No monopoly

The indie app store is a platform that allows independent developers to sell their apps directly to consumers. This is in contrast to the major app stores, such as the Apple App Store and the Google Play Store, which only sell apps from major developers.

The indie app store is a great way for independent developers to get their products in front of a large audience, and it provides consumers with an alternative to the major app stores. However, there are some downsides to using an indie app store.

The biggest downside is that there is no guarantee that an indie app store will be around for long. The platforms are run by big tech companies, and they can shut them down at any time. This means that if you buy an app from an indie app store, you could lose access to it if the store goes out of business.

Another downside is that indie app stores typically have a smaller selection of apps than the major app stores. This is because major developers are more likely to sell their apps through the major app stores, which gives them a larger audience and more exposure.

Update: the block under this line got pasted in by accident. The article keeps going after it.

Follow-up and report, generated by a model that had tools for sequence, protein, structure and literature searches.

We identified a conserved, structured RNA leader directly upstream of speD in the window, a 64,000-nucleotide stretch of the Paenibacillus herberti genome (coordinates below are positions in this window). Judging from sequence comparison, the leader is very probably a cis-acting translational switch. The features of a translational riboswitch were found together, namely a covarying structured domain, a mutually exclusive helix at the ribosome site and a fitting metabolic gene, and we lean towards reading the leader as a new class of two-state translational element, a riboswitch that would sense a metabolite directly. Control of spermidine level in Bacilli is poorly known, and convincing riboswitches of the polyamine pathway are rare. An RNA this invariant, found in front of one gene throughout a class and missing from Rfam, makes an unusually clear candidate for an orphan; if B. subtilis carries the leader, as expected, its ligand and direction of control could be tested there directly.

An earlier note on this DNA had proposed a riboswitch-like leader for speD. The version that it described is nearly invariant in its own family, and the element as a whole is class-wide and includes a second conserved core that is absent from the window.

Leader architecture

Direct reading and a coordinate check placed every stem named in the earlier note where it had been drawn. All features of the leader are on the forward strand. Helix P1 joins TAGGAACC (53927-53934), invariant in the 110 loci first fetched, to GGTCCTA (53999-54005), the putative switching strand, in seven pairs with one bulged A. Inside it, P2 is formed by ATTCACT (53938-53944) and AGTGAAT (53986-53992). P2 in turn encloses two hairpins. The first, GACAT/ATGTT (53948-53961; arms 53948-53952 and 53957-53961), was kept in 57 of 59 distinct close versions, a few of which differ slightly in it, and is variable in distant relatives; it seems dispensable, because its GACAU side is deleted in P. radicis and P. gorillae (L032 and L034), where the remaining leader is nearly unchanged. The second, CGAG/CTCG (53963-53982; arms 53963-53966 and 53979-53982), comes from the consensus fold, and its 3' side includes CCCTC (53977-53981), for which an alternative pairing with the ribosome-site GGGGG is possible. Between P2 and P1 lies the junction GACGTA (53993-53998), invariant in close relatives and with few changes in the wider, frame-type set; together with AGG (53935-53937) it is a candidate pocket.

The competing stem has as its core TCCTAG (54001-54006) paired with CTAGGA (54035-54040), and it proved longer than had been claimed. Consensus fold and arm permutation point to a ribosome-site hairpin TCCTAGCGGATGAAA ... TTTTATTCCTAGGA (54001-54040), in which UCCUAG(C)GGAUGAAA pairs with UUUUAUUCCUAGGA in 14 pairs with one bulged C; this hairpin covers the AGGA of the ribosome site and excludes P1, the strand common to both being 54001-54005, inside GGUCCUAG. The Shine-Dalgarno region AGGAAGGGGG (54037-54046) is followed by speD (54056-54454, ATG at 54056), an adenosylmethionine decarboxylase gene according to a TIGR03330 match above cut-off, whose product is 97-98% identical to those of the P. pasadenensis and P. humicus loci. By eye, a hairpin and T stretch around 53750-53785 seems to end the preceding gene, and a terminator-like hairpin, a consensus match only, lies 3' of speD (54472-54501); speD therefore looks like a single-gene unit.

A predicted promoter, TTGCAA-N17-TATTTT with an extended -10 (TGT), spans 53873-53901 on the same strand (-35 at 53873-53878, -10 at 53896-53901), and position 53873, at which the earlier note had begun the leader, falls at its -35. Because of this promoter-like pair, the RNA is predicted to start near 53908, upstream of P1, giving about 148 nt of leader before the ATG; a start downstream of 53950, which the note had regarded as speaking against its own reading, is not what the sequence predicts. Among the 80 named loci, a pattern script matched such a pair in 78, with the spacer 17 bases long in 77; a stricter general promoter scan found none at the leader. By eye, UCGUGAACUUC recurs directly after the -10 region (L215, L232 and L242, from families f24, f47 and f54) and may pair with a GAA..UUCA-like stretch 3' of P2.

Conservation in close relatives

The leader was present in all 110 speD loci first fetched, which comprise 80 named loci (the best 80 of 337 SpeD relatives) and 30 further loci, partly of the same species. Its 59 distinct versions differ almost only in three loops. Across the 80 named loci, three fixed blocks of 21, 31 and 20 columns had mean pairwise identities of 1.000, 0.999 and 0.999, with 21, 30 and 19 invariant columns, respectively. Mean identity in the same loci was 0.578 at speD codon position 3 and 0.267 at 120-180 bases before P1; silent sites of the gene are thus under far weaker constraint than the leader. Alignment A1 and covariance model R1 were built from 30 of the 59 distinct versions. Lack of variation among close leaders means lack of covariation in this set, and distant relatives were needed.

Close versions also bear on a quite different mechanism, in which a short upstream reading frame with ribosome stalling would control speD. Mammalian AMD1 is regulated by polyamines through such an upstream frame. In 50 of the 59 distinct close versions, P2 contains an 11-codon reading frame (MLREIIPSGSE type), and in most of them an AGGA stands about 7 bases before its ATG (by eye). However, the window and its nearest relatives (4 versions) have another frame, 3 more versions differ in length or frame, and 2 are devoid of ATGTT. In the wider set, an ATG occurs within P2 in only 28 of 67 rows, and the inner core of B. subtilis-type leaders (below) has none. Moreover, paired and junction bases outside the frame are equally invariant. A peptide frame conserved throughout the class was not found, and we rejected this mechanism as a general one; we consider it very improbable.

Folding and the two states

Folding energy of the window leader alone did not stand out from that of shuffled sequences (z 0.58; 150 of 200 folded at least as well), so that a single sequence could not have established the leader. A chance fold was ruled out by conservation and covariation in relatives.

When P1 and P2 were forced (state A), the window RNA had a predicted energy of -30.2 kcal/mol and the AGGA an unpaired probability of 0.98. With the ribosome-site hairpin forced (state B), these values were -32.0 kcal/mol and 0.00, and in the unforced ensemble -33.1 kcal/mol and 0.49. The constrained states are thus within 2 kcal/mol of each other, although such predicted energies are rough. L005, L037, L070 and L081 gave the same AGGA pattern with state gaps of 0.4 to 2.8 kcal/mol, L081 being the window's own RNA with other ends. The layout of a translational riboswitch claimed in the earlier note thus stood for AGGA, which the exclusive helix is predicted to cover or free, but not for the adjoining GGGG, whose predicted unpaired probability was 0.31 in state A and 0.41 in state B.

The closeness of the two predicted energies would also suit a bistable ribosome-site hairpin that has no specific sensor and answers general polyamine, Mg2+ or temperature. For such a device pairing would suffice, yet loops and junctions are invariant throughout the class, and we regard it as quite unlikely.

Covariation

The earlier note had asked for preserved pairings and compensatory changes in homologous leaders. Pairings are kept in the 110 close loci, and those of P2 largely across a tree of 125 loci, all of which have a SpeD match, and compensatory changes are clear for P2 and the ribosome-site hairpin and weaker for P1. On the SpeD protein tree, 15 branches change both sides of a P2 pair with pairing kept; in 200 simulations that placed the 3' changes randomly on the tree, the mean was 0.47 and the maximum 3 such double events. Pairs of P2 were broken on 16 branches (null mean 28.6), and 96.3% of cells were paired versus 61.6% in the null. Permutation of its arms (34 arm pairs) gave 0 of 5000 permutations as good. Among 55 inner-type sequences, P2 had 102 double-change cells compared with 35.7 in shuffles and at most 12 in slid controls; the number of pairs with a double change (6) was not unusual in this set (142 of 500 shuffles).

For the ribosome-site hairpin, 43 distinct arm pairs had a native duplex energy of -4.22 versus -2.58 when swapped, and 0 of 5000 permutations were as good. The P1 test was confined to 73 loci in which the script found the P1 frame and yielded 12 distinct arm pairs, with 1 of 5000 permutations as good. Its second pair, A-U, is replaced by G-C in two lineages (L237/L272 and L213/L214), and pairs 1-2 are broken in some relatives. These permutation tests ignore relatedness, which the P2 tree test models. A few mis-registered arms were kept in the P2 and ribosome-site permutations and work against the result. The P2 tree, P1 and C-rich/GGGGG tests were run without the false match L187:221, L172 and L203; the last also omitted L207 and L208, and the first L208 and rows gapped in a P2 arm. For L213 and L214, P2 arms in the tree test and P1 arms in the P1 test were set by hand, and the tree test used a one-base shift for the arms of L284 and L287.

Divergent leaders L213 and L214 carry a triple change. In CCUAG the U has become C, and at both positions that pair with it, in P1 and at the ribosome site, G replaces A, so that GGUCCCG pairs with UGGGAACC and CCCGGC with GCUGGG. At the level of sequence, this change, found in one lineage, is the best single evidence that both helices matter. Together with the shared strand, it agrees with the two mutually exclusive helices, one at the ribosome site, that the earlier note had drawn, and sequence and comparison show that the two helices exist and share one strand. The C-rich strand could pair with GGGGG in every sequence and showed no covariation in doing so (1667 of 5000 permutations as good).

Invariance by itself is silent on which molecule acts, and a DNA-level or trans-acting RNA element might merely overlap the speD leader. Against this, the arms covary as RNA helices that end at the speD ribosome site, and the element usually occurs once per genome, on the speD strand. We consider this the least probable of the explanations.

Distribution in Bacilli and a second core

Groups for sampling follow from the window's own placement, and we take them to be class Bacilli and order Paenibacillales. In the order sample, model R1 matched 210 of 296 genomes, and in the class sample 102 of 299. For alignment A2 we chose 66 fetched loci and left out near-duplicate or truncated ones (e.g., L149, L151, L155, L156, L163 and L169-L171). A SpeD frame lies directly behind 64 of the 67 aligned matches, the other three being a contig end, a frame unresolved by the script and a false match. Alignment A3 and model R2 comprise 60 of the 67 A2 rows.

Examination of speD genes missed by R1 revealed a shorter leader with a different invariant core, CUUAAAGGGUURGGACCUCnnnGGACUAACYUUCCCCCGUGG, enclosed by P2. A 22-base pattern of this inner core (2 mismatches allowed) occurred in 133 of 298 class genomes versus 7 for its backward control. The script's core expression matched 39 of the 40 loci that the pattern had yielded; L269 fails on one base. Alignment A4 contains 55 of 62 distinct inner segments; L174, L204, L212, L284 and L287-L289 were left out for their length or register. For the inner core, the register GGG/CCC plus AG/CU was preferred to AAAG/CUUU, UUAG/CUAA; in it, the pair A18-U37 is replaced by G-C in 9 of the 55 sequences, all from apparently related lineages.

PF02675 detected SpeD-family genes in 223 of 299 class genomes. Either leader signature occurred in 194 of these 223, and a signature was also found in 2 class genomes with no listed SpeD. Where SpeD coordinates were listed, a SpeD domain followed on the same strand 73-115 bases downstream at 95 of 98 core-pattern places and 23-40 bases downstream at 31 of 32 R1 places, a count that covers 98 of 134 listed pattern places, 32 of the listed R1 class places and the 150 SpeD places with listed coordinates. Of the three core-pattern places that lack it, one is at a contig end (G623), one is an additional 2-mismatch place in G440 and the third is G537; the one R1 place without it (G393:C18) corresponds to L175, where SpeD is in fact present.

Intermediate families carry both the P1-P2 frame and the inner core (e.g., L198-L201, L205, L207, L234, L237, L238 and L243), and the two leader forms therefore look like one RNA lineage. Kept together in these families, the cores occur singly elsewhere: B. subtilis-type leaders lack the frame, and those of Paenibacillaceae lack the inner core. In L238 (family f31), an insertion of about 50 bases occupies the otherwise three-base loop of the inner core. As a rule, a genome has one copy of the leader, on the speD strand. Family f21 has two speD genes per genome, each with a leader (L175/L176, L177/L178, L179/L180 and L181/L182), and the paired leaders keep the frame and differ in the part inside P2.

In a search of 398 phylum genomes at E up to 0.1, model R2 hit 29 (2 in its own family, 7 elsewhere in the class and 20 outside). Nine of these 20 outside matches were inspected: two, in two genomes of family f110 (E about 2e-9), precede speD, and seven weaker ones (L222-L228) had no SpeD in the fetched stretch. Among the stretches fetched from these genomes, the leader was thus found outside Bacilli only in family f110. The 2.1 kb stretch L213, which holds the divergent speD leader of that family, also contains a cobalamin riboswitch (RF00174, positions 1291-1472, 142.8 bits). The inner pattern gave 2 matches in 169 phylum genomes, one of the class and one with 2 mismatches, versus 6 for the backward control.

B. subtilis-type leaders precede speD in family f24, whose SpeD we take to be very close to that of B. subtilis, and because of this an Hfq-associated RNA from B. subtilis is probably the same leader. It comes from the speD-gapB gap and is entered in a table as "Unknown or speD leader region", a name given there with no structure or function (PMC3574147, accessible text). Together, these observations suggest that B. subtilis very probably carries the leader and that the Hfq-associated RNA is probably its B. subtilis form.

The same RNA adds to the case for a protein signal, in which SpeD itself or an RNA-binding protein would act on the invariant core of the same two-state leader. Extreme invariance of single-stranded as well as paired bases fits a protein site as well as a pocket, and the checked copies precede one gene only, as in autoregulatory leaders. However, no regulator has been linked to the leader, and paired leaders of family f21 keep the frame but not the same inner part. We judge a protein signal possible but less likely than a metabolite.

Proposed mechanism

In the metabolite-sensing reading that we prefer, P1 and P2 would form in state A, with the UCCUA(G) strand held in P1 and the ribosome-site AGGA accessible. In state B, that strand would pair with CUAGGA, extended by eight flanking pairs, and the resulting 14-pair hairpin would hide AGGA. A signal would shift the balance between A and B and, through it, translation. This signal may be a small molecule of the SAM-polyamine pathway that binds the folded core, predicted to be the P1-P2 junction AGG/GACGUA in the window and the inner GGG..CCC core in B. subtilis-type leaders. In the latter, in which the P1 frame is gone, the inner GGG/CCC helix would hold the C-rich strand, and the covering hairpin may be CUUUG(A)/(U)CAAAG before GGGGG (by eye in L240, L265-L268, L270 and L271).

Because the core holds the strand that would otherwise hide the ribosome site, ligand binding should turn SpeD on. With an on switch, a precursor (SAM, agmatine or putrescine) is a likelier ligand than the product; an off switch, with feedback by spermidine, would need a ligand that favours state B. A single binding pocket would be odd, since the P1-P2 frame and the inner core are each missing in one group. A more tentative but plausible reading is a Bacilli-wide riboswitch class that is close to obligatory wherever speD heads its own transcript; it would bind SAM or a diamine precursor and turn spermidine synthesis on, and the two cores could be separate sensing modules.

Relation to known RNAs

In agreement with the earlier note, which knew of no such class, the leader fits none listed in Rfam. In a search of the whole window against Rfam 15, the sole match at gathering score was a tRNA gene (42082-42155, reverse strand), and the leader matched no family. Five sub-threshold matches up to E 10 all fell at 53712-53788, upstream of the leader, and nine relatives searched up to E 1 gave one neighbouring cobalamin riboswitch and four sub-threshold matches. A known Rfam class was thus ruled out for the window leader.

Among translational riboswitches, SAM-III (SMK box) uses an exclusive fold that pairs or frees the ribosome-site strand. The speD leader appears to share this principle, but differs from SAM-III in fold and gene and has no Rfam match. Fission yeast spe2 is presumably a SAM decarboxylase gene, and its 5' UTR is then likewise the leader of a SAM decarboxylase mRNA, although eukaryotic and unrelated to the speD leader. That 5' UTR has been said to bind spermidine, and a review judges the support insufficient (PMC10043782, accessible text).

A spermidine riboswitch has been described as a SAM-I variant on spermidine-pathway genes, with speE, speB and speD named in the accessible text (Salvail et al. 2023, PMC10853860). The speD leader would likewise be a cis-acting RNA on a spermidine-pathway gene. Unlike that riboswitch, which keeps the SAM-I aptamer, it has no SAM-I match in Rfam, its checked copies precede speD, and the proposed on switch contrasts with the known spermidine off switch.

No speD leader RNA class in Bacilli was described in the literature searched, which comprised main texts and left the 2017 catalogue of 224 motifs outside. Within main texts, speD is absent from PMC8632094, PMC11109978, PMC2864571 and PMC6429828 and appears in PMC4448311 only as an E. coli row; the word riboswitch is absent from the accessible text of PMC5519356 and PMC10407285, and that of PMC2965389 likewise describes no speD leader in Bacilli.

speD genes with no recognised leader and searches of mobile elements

Finally, some people worry about the quality of apps in an indie app store. Because these platforms are less well known, it can be harder to find reviews or ratings for the apps in question. This means that you may not be sure if an indie app is good quality before you purchase it.

Overall, the Indie App Store is a great way for independent developers to get their products in front of a large audience. However, there are some downsides to using an Indie App Store, such as the lack of guarantee that the platform will be around for long, and the smaller selection of apps relative to the major app stores.

The 70% cut